There are two main differences between the vaccines that use messenger RNA, and the Oxford vaccine. Firstly, RNA is not that stable at higher temperatures. So the Pfizer vaccine needs to be stored at -80 degrees Celsius. To put that in context – the average winter temperature at the South Pole is about -49C. So -80C is extremely cold. The Moderna vaccine is a little better – it can be stored between -10C and -20C, but this is still very cold. The biggest problem with these extreme temperatures is in transportation, especially in remote and under-resourced areas. While it is relatively easy to store and distribute these vaccines in big cities in wealthy countries, it’s much harder in other areas of the world. The Oxford vaccine still needs to be chilled, but it can be kept stable 2-4 degrees – fridge temperatures. This can still be tricky in hot countries, but is much easier.
The second big area of difference is in the price. Oxford and AstraZeneca produced their vaccine under the agreement that for as long as the pandemic is in effect, it will be made available on a not-for-profit basis. This means that neither Oxford nor AstraZeneca are making any profit from the vaccine, and therefore the cost per dose can be kept as low as possible. The prices of all the vaccines will be determined by many factors – but at the moment the Oxford vaccine is looking to be priced at around $4USD per dose, whereas the others will be significantly more expensive. The relatively low price of the Oxford vaccine is again good news for those in lower-income countries, and will help to ensure equality of access.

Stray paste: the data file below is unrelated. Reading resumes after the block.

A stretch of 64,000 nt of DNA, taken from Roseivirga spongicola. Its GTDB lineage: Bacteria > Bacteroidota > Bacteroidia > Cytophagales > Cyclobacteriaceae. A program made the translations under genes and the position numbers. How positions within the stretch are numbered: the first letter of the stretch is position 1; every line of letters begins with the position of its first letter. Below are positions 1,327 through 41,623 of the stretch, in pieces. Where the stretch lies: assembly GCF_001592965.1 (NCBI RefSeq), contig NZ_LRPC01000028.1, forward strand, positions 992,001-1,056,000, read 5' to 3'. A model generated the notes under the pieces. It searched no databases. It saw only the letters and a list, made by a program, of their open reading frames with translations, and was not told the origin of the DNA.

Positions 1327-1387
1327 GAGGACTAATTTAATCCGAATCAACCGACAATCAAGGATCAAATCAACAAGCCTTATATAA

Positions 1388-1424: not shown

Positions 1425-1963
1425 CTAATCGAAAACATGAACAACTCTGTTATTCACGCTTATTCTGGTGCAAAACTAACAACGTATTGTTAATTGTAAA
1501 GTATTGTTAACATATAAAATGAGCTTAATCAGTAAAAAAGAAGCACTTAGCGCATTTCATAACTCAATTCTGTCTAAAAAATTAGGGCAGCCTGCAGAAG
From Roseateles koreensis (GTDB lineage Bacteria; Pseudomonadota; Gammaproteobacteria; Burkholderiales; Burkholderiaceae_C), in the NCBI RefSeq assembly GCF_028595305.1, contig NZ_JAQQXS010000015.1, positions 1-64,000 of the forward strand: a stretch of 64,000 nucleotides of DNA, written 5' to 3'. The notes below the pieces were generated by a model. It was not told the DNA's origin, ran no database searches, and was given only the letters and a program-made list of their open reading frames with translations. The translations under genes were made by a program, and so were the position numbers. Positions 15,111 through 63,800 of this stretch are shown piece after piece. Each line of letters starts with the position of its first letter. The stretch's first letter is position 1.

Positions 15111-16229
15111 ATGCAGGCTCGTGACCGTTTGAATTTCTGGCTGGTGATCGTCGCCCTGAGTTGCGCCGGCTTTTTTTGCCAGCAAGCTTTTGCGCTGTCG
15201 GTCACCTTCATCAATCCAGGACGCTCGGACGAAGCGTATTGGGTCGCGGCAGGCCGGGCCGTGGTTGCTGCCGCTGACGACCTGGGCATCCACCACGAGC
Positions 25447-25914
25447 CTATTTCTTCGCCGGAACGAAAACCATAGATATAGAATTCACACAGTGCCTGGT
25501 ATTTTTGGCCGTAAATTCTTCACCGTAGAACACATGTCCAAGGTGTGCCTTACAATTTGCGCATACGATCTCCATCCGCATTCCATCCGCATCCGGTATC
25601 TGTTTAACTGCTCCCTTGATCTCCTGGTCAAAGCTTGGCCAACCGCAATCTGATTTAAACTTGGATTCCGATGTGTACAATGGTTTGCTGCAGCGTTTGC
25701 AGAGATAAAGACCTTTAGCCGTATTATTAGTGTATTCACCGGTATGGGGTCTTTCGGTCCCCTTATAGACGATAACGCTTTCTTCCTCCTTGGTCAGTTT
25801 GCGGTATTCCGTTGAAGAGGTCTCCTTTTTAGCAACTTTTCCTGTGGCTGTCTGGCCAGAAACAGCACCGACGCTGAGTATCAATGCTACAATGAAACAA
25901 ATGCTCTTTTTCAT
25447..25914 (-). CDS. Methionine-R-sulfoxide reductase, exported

The big question on everyone’s mind is: but do they really work? All of the companies have announced efficacy rates following their clinical trials. Pfizer were first, claiming 90% efficacy. Moderna has an even high efficacy rate – 95%. And Oxford came out with several percentages: 70% overall. 62% if you get one dosing regime, and then the surprise – 90% with different dosing regime.
62% might only just be a passing grade at school, but in the world of vaccines it’s a solid A minus. 90% or higher efficacy rates in clinical trials are exceptional, with all 3 vaccines potentially achieving it. Many vaccines that are commonly in use have much lower efficacy rates. One of the world’s most commonly used vaccine – the TB vaccine – has an efficacy rate of less than 50%. Influenza is difficult to vaccinate against, because the virus changes each year, and so people need to get the right vaccine at the right time – but even then, the efficacy rate is often no more than 50 or 60 percent. Government regulators were well aware of this when they declared earlier in the year that they would approve any vaccine that had been shown to be safe, and had an efficacy rate of more than 50%. The high rates from these trials means that regulators can quickly move to approve, and this week the Pfizer vaccine has already been approved for use in the UK.